Home Cosmetic Science Talk Formulating W/O lip balm

  • W/O lip balm

    Posted by krupabrahmbhatt on January 14, 2014 at 10:55 am
    Hi Fellow Chemists!

    I am planning on making a lip balm with 5-10% water content — because of water soluble actives. Im planning to use sorbitan oleate in the formula to make sure the water phase is incorporated fine.. 

    Do you guys think this is achievable? Last time I tried it, there were a lot of bubbles in the formula and the lip balm stick didnt pour in well. 
    Any advice/thoughts would be highly appreciated! 
    Anonymous replied 9 years, 9 months ago 6 Members · 8 Replies
  • 8 Replies
  • chemist77

    January 14, 2014 at 12:59 pm

    No harm in trying, though another good choice I could think of is polyglyceryl 3 diisostearate.

  • oldperry

    January 14, 2014 at 1:58 pm

    Worth a shot.  But you need to include a preservative with that much water.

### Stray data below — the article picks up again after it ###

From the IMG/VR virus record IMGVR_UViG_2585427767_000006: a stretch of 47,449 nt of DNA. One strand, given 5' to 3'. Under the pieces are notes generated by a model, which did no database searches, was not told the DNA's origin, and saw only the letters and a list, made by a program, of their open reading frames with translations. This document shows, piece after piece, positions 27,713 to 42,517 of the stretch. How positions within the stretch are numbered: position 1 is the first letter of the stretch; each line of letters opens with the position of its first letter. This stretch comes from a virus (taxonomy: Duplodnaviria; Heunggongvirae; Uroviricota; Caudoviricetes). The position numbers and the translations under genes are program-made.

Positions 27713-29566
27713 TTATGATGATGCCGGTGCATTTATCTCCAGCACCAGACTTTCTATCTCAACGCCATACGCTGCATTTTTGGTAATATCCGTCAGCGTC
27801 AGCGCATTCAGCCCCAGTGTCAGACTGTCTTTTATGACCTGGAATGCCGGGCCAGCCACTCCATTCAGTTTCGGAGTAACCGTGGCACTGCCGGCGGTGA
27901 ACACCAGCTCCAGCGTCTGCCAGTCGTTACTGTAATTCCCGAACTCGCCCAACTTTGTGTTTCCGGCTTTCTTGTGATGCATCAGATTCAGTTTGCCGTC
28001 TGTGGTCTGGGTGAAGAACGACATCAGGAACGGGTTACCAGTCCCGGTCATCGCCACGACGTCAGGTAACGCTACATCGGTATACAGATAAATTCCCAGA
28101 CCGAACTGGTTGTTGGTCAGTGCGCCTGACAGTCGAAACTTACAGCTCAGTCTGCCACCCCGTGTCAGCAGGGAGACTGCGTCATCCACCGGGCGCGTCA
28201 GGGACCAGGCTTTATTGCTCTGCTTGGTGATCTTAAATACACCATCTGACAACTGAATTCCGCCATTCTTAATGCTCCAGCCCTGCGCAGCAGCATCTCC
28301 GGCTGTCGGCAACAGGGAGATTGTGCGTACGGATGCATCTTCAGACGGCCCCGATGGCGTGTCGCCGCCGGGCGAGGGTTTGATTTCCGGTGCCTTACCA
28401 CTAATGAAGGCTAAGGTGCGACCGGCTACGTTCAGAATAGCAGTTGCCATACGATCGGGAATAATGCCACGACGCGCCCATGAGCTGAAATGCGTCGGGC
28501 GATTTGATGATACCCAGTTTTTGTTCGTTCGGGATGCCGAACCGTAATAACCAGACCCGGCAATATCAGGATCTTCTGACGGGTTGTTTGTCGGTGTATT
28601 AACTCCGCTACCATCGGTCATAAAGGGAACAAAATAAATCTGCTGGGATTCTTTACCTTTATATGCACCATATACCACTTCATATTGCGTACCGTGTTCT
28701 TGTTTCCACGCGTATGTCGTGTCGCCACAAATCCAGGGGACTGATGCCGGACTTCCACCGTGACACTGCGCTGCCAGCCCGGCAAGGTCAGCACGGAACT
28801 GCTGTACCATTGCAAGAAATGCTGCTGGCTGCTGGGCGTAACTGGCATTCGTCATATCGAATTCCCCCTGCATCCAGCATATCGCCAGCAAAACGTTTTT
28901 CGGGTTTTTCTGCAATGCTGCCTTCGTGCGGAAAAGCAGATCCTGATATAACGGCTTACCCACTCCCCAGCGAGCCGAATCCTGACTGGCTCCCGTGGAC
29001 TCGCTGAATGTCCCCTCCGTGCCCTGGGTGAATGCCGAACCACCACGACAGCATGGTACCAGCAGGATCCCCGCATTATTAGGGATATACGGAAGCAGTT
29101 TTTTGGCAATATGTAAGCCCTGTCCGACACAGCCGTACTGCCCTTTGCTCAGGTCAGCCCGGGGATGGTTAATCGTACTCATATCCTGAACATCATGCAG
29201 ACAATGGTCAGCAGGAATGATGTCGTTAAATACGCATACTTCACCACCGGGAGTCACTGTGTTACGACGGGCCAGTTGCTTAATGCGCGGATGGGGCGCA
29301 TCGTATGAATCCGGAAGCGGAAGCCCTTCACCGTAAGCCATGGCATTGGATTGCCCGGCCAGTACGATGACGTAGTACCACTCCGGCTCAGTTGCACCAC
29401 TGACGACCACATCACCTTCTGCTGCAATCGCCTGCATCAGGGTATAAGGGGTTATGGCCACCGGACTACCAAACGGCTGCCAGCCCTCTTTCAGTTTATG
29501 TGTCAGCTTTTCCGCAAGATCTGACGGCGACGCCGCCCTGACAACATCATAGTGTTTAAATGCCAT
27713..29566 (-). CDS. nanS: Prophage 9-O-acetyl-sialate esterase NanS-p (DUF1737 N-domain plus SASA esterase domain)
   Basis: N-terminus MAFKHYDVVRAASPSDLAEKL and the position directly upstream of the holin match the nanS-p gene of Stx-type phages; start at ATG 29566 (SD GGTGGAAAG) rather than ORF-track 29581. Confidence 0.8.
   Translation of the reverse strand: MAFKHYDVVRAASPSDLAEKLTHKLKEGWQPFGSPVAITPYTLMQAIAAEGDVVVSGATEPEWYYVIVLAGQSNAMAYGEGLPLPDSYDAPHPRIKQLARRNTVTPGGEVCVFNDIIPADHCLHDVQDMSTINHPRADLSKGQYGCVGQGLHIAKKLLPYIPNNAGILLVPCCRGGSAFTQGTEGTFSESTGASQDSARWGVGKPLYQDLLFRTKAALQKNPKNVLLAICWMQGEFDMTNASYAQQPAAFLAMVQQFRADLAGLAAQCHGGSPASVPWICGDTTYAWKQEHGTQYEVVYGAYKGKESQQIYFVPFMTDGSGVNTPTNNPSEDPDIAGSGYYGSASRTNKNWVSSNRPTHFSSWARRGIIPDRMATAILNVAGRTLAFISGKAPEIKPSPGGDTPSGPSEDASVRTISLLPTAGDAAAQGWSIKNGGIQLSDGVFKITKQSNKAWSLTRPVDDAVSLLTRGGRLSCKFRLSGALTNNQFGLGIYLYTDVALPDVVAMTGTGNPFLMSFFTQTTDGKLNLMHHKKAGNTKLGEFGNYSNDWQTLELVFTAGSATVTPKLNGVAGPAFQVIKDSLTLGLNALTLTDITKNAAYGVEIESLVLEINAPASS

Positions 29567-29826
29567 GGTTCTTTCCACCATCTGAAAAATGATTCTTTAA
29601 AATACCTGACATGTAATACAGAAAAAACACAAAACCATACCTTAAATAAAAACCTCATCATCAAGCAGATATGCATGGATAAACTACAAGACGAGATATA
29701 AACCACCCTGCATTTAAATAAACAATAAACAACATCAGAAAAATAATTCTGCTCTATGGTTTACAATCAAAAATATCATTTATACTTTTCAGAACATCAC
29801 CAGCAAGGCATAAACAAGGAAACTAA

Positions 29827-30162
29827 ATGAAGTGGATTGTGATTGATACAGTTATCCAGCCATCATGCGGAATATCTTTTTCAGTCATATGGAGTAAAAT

• krupabrahmbhatt

    January 14, 2014 at 5:32 pm

    @milliachemist Ill give that a shot too.. I have more of a natural/whole foods compliant products background — so I am not too familiar with synthetics and end up using more naturals than would like to. Thanks for the recommendation! :)

    @ perry didn’t think I would need a preservative with just 5% water.. oops! Thanks for the advice, I’ll make sure to add some next time. 
  • Bobzchemist

    January 16, 2014 at 9:37 am

    How do you feel about Lanolin?

  • Avick

    February 12, 2014 at 10:11 am

    Bobzchemist, are you suggesting using lanolin to solubilize the actives or stabilize the W/O?

  • mikebavington

    February 14, 2014 at 4:44 pm

    I know you want to stay ‘natural’, but could you add cyclomethicone to your formula to help with the pour-in and the bubbles?

  • Bobzchemist

    February 15, 2014 at 7:09 am

    stabilize the W/O. By itself, lanolin can carry a few percent of water.

  • Anonymous

    March 9, 2014 at 12:29 pm

    I have had luck using liquid lecithin (8%) in a lip balm formula to incorporate 3.5% hydrous material. (Including NataPres-a ferment-based preservative-at .5%.) You need to blend the lecithin and water-y material separately, until they completely combine, before you start melting in the anhydrous ingredients.

    After five months, the balm is still intact. This is just for my personal use, however, and I’ve made many other balm formulas since—so I haven’t scrutinized the product very closely. Good Luck

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